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Or for the laurel, he may gain a scorn;
the banks of
mourned like night, And despairs day, but for thy volume's light.
ON THE HONORED POEMS
FRIEND, SIR JOIN BEAUMONT, BARONET. 12 This book will live ; it hath a Genius; this Above his reader, or his praiser, is. Hence, then, profane! here needs no words' ex
pense 12 The elder brother of the dramatist, and himself a poet. He died in 1628, at the age of forty-eight. The verses are prefixed to the volume of poems.
In bulwarks, ravelines, ramparts for defence :
TO MR. JOHN FLETCHER, UPON HIS FAITHFUL
SHEPHERDESS." 13 The wise and many-headed bench, that sits Upon the life and death of plays and wits, (Composed of gamester, captain, knight, knight's
man, Lady or pucelle, that wears mask or fan,
13 Taken hy Whalley from Seward's edition of Beaumont and Fletcher. The Faithful Shepherdess was brought out about 1610.
Velvet or taffeta cap, ranked in the dark
spark That may judge for his sixpence) had, before They saw it half, damned thy whole play, and
more; Their motives were, since it had not to do With vices, which they looked for, and came to. I, that am glad thy innocence was thy guilt, And wish that all the Muses' blood were spilt In such a martyrdom, to vex their eyes, Do’crown thy murdered poem : which shall rise A glorified work to time, when fire, Or moths shall eat what all these fools admire.
EPITAPH ON THE COUNTESS OF PEMBROKE. 14
Underneath this sable hearse
14 The accomplished sister of Sir Philip Sidney, who dedicated to her his Arcadia. The Countess of Pembroke wrote some graceful poems, translated the tragedy of Antony from the French, and joined her brother in a translation of the Psalms, which was first published in 1823. Spenser speaks of her as
"Most resembling, both in shape and spirit, Her brother dear." She died in 1621.
The above epitaph was first introduced into the collected works of Ben Jonson by Whalley, on the ground that it was 'universally assigned to him.' Jonson's claim to it, however, is by no means certain. In a manuscript collection of Browne's poems, preserved amongst the Lansdowne Mss. in
Sidney's sister, Pembroke's mother:
the British Museum, the epitaph is ascribed to Browne, with the following additional stanza :
" Marble piles let no nian raise
To her name for after days,
Osborne published this stanza under the impression that the whole piece was written by Jonson ; and Gifford, who calls these lines a 'paltry addition, and condemns them upon a groundless charge of inconsistency, says that the critics ought to have known that they were copied from the poems of the Earl of Pembroke, 'to whose pen they are assigned by the prefix of his usual initials.' Now Gifford himself ought to have known that the prefix of his lordship's initials cannot be admitted as proof of the authorship, it being notorious to all readers familiar with the literature of the period, that the Earl of Pembroke, to use the language of a writer entitled to be heard on the subject, ‘had the fame of a poet, but that his right to the poems ascribed to him has been questioned as standing on no adequate authority.' That no part of this epitaph was written by the Earl of Pembroke is established by the MS. in the Museum, which contains, together with other pieces, a song by Lord Pembroke. This latter circumstance collaterally supports the evidence, for had his Lordship also written the epitaph, it is only reasonable to assume that it would have been also ascribed to him. The question of the authorship, dismissing Penibroke's pre. tensions to any share in it, may thus be fairly stated : that while Jonson's claim rests upon no more definite authority than that of tradition, Browne's is directly asserted in an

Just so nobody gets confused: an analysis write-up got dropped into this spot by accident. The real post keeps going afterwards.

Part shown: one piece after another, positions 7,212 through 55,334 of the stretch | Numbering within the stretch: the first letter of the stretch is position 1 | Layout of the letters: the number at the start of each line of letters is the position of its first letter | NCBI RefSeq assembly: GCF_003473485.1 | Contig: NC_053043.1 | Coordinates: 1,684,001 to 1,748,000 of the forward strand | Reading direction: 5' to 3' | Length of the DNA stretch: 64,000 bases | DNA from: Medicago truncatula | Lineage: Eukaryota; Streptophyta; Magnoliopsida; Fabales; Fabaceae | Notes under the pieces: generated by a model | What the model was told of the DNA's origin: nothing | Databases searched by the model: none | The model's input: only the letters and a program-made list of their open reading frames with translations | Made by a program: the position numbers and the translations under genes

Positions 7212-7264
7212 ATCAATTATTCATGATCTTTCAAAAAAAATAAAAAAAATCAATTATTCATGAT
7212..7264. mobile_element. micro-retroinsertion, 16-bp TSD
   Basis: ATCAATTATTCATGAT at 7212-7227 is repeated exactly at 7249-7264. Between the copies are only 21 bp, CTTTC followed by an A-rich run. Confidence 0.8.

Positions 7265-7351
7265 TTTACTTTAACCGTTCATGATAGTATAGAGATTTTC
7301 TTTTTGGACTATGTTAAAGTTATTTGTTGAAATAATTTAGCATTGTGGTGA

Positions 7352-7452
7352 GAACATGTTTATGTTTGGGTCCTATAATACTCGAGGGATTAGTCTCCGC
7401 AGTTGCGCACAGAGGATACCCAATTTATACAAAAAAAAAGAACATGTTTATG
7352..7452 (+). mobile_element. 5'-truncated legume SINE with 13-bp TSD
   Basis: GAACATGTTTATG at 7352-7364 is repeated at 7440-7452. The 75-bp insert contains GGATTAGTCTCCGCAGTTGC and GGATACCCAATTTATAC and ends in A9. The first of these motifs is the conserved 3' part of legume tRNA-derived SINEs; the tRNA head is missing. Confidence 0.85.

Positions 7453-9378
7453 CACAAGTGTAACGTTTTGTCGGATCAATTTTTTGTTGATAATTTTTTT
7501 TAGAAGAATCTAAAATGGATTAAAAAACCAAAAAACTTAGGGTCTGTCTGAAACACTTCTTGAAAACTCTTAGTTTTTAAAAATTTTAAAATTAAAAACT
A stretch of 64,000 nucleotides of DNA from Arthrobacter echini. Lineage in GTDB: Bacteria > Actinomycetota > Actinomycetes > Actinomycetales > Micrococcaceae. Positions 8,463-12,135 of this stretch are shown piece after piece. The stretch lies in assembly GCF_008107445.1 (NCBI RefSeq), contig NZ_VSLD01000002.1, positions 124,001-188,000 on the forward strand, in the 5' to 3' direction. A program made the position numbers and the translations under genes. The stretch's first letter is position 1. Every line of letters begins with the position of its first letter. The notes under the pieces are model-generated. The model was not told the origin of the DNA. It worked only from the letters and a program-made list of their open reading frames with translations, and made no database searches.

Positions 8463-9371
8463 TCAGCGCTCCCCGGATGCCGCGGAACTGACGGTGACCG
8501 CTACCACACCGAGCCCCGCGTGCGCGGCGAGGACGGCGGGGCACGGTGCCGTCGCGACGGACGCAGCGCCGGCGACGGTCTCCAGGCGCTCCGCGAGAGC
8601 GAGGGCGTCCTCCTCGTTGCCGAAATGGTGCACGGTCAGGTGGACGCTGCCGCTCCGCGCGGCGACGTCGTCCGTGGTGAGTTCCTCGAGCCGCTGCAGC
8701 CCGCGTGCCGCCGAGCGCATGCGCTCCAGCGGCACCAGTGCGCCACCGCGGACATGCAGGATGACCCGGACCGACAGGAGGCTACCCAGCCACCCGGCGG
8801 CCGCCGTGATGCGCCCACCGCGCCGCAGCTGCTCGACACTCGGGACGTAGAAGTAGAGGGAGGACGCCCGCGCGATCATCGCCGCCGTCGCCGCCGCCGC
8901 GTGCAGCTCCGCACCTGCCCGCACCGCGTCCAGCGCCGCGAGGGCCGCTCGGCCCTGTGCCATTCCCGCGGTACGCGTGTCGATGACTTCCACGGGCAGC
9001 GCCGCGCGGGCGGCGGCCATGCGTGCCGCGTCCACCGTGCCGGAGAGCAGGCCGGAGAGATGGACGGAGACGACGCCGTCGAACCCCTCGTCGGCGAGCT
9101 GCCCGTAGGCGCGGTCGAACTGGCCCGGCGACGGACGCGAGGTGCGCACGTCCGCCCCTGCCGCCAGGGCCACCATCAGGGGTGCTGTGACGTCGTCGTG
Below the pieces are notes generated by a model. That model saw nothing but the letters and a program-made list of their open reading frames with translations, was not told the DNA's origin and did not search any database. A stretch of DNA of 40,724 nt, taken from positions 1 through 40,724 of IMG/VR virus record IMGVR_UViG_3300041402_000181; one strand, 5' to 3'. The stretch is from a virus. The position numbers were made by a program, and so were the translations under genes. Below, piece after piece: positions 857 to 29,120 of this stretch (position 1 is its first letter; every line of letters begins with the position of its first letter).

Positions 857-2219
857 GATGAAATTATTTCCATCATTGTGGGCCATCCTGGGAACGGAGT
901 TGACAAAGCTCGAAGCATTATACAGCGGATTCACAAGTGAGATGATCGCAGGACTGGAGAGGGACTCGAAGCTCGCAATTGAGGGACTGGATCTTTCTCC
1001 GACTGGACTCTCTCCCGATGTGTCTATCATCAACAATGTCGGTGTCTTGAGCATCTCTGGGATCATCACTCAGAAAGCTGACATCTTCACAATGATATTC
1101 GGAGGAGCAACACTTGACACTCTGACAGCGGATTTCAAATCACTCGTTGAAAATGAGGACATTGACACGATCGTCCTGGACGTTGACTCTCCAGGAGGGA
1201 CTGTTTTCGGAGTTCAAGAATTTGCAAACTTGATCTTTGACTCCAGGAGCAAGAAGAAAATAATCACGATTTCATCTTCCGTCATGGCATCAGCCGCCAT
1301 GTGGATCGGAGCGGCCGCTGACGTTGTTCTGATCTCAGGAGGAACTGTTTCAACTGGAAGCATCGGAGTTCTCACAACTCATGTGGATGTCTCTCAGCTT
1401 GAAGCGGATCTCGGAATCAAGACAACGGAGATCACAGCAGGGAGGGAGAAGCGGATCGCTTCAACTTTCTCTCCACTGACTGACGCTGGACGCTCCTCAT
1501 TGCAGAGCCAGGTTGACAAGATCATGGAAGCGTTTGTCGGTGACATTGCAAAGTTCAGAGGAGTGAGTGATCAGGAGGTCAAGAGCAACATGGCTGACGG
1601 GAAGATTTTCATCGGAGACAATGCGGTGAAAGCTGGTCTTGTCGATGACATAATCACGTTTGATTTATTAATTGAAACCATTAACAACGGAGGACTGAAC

A VISION ON THE MUSES OF HIS FRIEND
MICHAEL DRAYTON. 15 It hath been questioned, Michael, if I be A friend at all; or, if at all, to thee : Because, who make the question, have not seen Those ambling visits pass in verse, between Thy muse and mine, as they expect; 'tis true, You have not writ to me, nor I to you. And though I now begin, 'tis not to rub Haunch against haunch, or raise a rhyming
authentic MS. undoubtedly comprising a large collection of his poems which had long been supposed to have been lost. A further presumption in favor of Browne may be raised upon the intimate relations which existed between him and Pembroke. That he should have furnished an epitaph for the tomb of an arlmirable woman, whose death was deeply deplored by bis friend and patron, is, at least, extremely probable; and this probability is strengthened by the elegy which some years afterwards he dedicated to her memory. - B.
15 Whalley observes that these lines contain “an enumeration of Drayton's poems, with our author's testimony to their merits." It is scarcely necessary to point out that the "enumeration” does not include the “Odles,' Pastorals," "The Muses' Elysium," and many other pieces, some of which were of a later date than the eilition of Drayton's works to which this panegyric was prefixed Jonson was one of Drayton's most intimate friends ; yet in his loose conversations with Drummonil he spoke slightingly of him, saying that Drayton “feared him, and that he esteemed not of him." Drayton died in 1631. -- B. The lines are prefixed to the second volume of Drayton's works, which came out, in folio, in 1627. --G.